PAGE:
Still, my relationship with ChildFund continued. I loved receiving school supplies at the beginning of every school year, and I enjoyed participating in all kinds of ChildFund activities.
I continued to study hard, and when I finished high school I left the community to go to college and study psychology at an Oaxaca state private school. I was able to do this thanks to a full scholarship I received because I had been an A student, with a record of good behavior and perfect attendance.
However, going to school was hard even with the scholarship. To earn some money, I worked in the college`s administrative offices. My father, a taxi driver, gave whatever he could, and my mother sold some of our chickens and pigs. I also made pozole, coffee and flan and sold them door-to-door.
I was working in my first job after college, for a nonprofit organization called Mexfam, when I met a staff member from ChildFund`s Tonala Program, from which I had so many fond memories of growing up. She invited me to give a presentation for a mothers` workshop. Not long after, they invited me to apply for a job there.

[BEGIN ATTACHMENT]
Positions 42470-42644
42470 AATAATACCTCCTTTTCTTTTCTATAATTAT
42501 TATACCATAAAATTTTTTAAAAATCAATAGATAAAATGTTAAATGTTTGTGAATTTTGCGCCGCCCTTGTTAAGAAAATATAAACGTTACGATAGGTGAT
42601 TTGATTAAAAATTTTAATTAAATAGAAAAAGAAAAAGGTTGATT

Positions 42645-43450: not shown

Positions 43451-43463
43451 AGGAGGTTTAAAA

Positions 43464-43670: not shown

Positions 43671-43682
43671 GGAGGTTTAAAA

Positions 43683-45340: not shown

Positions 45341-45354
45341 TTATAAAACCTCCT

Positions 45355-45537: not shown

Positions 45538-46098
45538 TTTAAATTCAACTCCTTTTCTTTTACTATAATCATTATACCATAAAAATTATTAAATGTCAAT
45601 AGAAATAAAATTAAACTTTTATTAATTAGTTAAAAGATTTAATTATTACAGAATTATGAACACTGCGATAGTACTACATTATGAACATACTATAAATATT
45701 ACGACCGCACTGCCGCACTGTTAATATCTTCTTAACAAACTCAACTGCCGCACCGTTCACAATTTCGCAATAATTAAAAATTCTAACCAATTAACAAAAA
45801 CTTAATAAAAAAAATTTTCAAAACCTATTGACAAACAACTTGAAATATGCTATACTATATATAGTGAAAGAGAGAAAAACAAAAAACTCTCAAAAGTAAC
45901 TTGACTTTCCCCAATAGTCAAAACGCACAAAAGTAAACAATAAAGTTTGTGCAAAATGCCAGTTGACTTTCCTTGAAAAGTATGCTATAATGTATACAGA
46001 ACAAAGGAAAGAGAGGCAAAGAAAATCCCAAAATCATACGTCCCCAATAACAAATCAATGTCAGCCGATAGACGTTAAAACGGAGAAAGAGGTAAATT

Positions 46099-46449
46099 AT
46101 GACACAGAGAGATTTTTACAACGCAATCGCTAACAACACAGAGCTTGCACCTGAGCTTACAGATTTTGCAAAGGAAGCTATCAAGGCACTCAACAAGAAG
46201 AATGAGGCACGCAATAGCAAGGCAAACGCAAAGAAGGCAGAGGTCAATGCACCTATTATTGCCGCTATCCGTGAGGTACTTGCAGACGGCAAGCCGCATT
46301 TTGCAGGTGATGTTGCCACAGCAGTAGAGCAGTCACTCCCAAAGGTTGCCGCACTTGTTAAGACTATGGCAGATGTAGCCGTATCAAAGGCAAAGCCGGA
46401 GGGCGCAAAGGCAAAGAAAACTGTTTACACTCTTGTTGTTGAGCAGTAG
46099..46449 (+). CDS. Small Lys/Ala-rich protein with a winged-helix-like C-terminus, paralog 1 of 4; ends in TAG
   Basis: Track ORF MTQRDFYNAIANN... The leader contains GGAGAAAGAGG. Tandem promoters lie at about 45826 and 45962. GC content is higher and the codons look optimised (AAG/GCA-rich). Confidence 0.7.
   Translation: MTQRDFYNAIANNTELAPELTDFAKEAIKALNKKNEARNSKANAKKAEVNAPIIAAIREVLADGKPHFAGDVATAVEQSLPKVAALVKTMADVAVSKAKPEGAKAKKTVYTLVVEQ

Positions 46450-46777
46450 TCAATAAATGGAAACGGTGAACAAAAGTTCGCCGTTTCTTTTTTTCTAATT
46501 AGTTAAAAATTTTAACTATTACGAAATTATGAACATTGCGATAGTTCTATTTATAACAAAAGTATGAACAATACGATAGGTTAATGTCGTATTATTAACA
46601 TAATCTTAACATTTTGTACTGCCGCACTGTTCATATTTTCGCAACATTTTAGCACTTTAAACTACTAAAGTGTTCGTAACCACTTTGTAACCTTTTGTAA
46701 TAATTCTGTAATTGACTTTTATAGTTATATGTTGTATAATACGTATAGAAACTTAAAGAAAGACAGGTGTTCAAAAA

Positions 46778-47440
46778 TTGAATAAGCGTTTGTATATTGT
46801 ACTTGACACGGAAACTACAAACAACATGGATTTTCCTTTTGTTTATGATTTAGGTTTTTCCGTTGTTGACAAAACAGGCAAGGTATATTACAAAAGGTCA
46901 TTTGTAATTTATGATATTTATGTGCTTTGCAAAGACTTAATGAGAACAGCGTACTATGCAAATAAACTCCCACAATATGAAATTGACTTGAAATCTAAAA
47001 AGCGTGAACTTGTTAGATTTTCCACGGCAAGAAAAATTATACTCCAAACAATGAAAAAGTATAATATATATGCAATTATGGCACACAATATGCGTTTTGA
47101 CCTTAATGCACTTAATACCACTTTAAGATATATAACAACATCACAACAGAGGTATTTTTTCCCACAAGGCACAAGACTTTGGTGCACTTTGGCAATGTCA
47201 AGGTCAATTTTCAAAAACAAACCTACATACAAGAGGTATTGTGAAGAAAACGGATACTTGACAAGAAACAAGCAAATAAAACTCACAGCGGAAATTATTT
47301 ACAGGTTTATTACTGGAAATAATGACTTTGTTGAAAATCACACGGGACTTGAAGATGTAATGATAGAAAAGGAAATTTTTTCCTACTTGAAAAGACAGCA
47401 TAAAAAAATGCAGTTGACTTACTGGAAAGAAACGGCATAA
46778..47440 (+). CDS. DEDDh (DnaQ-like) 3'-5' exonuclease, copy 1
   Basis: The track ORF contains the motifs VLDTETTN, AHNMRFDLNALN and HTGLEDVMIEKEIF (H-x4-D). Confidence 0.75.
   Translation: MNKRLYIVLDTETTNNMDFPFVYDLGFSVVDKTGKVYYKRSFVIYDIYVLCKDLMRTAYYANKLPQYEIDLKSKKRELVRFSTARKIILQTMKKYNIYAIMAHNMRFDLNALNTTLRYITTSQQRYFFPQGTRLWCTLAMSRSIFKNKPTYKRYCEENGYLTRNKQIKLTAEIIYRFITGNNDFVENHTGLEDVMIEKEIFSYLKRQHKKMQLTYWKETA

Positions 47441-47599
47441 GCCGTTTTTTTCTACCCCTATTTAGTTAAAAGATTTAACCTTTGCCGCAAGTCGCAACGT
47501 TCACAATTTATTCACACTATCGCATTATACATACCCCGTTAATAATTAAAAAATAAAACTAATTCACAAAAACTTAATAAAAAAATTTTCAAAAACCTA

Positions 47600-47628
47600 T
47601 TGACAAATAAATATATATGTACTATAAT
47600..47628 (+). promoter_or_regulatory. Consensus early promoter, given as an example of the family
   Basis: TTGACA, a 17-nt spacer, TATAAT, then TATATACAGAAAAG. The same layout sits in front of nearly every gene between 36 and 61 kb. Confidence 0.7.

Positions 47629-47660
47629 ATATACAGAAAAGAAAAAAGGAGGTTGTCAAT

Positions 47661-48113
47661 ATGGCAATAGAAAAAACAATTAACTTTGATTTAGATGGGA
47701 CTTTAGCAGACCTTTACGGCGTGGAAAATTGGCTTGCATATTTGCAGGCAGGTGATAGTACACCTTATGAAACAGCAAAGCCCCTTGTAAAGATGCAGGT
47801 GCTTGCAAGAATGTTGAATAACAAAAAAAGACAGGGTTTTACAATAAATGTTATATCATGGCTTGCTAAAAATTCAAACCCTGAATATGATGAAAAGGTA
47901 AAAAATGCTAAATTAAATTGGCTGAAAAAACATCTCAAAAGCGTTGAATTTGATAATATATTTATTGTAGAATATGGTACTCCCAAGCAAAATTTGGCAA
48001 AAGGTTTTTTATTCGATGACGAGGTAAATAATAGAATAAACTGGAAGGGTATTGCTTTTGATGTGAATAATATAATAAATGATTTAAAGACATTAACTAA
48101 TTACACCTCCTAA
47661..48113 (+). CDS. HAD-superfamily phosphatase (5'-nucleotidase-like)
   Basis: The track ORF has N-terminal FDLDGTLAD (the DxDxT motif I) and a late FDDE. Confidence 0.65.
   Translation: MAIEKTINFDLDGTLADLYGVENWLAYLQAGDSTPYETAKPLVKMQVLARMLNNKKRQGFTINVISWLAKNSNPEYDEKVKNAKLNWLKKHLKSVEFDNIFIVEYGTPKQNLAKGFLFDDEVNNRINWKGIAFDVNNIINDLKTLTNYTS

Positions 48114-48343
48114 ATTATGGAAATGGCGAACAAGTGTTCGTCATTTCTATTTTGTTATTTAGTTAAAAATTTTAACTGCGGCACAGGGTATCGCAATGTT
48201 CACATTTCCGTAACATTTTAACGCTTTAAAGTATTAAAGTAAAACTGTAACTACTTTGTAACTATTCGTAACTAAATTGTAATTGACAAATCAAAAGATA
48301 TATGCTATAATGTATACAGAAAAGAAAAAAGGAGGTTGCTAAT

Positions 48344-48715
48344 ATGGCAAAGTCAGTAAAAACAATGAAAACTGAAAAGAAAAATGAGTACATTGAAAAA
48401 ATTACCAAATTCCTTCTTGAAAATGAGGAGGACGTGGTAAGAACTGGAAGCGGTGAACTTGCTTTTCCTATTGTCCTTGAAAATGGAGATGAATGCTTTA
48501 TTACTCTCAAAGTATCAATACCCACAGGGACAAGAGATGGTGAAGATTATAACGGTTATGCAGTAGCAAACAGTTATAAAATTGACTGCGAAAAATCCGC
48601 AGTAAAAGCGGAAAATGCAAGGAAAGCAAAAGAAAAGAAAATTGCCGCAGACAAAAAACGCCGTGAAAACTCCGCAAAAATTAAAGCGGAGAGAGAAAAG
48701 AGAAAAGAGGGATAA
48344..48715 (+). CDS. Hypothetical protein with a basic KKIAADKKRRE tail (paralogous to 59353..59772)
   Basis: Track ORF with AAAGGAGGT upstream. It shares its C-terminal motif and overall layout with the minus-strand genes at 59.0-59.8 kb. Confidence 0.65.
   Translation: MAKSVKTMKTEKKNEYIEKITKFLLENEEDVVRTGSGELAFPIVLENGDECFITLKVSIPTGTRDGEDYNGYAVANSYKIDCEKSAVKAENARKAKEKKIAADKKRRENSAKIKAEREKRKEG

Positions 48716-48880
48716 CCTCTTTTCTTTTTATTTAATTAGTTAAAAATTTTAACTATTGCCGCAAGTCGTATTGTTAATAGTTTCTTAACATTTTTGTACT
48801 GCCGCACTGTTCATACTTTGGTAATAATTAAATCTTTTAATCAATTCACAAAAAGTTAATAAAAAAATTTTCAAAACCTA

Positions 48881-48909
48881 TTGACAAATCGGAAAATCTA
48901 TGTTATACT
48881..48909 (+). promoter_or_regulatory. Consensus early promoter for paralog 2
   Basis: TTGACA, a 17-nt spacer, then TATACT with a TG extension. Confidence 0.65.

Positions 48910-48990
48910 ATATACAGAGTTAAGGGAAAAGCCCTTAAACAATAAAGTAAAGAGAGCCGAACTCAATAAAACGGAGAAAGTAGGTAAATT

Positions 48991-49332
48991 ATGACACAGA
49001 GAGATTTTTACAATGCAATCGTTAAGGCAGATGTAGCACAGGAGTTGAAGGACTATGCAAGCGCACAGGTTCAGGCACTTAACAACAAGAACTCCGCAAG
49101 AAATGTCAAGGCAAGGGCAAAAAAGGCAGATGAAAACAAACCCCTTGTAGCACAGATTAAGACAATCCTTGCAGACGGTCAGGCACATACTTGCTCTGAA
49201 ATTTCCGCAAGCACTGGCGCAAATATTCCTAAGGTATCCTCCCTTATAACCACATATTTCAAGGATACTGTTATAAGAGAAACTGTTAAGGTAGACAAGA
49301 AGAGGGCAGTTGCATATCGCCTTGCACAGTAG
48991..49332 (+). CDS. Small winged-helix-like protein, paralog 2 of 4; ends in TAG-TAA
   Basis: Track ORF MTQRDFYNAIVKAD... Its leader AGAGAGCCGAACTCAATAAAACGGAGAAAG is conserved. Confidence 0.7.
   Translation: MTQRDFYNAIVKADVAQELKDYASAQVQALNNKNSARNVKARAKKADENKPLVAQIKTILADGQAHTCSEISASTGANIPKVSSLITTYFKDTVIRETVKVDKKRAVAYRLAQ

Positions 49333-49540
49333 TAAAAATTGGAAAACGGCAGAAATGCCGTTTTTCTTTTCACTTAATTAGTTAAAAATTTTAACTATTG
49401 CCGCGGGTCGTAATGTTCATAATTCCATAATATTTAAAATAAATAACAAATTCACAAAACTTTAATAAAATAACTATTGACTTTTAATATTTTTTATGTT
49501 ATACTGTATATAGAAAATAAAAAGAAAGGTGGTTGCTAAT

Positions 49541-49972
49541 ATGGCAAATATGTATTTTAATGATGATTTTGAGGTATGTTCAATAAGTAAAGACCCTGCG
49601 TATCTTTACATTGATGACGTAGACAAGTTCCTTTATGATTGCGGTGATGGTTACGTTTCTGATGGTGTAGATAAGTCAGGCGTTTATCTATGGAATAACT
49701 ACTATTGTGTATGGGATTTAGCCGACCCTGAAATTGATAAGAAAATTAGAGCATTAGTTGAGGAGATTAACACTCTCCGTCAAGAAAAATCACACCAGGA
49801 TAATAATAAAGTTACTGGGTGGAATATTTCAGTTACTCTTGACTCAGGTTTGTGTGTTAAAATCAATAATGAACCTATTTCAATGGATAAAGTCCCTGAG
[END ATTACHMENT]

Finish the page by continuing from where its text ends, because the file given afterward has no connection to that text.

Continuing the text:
I have always loved to work with children €” I think I`m very patient, which makes me suited for the work. What I like most is when sponsored children receive their letters. I try to help them write back and show them how they can better express their ideas and feelings. I share with them that one of the highest dreams of a sponsor is to know that their sponsored child continues his or her studies and prepares for the future.
I still love to write poetry, and I share it every chance I get. In fact, in some of the events ChildFund organizes in the community, I use it according to the theme we`re working on.
I think ChildFund is an organization with a very strong and clear objective. They try to cover the most important needs of the communities they work with in Mexico. ChildFund has a special way of thinking of each community and its people, in which it`s more important to know the real needs of the people rather than to impose an administrative process wherever they work. ChildFund cares for people.